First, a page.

Grant A. E. Soremekun
Master's Thesis submitted to the Faculty of the Virginia Tech in partial fulfillment of the requirements for the degree of
Master of Science
Dr. Zafer Gurdal
February 5, 1997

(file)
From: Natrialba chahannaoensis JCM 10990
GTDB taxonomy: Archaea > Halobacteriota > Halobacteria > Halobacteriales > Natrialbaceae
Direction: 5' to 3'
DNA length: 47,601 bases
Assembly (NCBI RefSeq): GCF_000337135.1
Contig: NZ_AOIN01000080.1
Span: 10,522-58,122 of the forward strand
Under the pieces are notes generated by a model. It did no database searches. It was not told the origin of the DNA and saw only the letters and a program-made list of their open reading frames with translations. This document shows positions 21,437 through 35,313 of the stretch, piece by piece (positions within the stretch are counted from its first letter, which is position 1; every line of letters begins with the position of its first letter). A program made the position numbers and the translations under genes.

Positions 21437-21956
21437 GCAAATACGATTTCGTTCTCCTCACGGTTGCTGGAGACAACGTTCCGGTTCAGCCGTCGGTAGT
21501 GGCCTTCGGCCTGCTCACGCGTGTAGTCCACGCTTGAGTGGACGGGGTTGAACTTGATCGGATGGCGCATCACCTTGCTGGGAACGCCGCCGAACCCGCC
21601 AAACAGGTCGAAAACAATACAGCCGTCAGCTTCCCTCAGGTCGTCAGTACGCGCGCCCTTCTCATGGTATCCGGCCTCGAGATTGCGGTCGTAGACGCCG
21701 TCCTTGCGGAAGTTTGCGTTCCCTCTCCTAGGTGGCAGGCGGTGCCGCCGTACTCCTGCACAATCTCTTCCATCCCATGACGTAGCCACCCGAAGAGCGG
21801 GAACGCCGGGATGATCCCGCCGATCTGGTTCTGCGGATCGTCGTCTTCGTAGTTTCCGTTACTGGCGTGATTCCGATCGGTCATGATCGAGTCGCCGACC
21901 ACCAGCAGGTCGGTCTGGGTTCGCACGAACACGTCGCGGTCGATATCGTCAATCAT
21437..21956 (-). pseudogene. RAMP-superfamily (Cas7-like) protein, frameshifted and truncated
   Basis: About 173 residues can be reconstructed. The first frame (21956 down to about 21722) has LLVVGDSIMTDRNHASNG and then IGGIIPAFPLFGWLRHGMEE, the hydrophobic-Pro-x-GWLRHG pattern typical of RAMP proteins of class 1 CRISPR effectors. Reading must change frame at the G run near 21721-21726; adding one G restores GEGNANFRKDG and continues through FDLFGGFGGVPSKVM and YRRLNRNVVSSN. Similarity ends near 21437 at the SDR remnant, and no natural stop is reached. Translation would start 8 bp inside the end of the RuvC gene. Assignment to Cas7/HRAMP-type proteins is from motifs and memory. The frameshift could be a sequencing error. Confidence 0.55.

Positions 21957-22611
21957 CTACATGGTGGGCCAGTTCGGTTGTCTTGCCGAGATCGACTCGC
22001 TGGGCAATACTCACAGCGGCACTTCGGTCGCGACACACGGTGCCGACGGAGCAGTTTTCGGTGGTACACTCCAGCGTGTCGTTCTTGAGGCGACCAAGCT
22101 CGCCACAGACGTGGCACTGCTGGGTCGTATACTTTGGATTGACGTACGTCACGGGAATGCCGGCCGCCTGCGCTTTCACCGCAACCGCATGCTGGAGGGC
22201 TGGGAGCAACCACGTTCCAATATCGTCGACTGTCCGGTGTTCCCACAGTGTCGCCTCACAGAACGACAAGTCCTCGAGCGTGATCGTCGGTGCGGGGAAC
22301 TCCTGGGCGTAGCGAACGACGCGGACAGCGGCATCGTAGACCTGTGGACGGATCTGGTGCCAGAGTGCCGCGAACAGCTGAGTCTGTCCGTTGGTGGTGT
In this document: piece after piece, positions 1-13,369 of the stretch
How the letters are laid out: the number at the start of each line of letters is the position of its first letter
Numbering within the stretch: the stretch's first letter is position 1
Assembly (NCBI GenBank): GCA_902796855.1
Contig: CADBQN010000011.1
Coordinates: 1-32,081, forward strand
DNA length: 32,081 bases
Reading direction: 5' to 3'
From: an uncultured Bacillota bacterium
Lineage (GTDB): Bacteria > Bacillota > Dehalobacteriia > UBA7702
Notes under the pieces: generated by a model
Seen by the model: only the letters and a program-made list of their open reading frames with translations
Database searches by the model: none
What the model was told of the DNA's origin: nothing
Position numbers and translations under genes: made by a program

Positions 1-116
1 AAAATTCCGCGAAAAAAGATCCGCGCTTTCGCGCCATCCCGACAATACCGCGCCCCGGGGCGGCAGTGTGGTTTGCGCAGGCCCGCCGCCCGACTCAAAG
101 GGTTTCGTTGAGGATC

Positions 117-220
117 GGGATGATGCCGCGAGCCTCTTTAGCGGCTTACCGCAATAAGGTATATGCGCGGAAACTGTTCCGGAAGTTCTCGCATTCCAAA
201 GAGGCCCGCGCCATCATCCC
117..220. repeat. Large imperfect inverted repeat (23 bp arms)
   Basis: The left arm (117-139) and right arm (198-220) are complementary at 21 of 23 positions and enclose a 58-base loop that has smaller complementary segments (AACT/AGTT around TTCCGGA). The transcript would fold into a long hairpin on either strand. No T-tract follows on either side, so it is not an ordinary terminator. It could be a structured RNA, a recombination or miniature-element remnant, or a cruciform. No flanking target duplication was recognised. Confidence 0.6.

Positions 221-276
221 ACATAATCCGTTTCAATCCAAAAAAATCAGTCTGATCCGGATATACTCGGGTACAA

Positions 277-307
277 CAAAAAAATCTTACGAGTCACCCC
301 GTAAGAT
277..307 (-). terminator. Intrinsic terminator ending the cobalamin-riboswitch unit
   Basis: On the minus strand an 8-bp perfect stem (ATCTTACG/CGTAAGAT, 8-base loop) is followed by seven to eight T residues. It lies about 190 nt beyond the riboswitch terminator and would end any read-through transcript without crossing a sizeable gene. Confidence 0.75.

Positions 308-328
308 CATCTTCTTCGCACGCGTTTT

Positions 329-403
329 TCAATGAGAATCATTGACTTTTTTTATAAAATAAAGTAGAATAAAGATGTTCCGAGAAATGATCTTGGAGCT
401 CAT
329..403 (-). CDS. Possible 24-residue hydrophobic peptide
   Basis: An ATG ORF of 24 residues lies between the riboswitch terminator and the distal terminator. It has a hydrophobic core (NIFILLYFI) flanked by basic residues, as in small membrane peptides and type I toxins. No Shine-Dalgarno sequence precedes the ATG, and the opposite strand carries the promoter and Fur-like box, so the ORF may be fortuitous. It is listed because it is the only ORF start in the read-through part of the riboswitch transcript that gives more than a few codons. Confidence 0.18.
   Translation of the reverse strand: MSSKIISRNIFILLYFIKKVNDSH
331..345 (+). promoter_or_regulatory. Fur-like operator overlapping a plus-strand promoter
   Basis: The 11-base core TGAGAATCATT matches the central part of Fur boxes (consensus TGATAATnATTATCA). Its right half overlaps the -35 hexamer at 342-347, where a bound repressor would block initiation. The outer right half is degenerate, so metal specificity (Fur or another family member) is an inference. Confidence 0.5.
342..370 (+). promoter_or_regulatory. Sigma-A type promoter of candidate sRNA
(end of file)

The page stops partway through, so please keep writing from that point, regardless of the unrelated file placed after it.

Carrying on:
Genetic algorithms are well known for being expensive optimization tools, especially if the cost for the analysis of each individual design is high. In the past few years, significant effort has been put forth in addressing the high computational cost GAs. The research conducted in the first part of this thesis continues this effort by implementing new multiple elitist and variable elitist selection schemes for the creation of successive populations in the genetic search process. The new selection schemes allow the GA to take advantage of a greater amount of important genetic information that may be contained in the parent designs, information that is not utilized when using a traditional elitist method selection scheme. By varying the amount of information that may be passed to successive generations from the parent population, the explorative and exploitative characteristics of the GA can be adjusted throughout the genetic search also. The new schemes provided slight reductions in the computational cost of the GA and produced many designs with good fitness' in the final population, while maintaining a high level of reliability. Genetic algorithms can be easily adapted to many different optimization problems also. This capability is demonstrated by modifying the basic GA, which utilizes a single chromosome string, to include a second string so that composite laminates comprised of multiple materials can be studied with greater efficiently. By using two strings, only minor adjustments to the basic GA were required. The modified GA was used to simultaneously minimize the cost and weight of a simply supported composite plate under different combinations of axial loading. Two materials were used, with one significantly stronger, but more expensive than the other. The optimization formulation was implemented by using convex combinations of cost and weight objective functions into a single value for laminate fitness, and thus required no additional modifications to the GA. To obtain a Pareto-optimal set of designs, the influence of cost and weight on the overall fitness of a laminate configuration was adjusted from one extreme to the other by adjusting the scale factors accordingly. The modified GA provided a simple yet reliable means of designing high performance composite laminates at costs lower than laminates comprised of one material.
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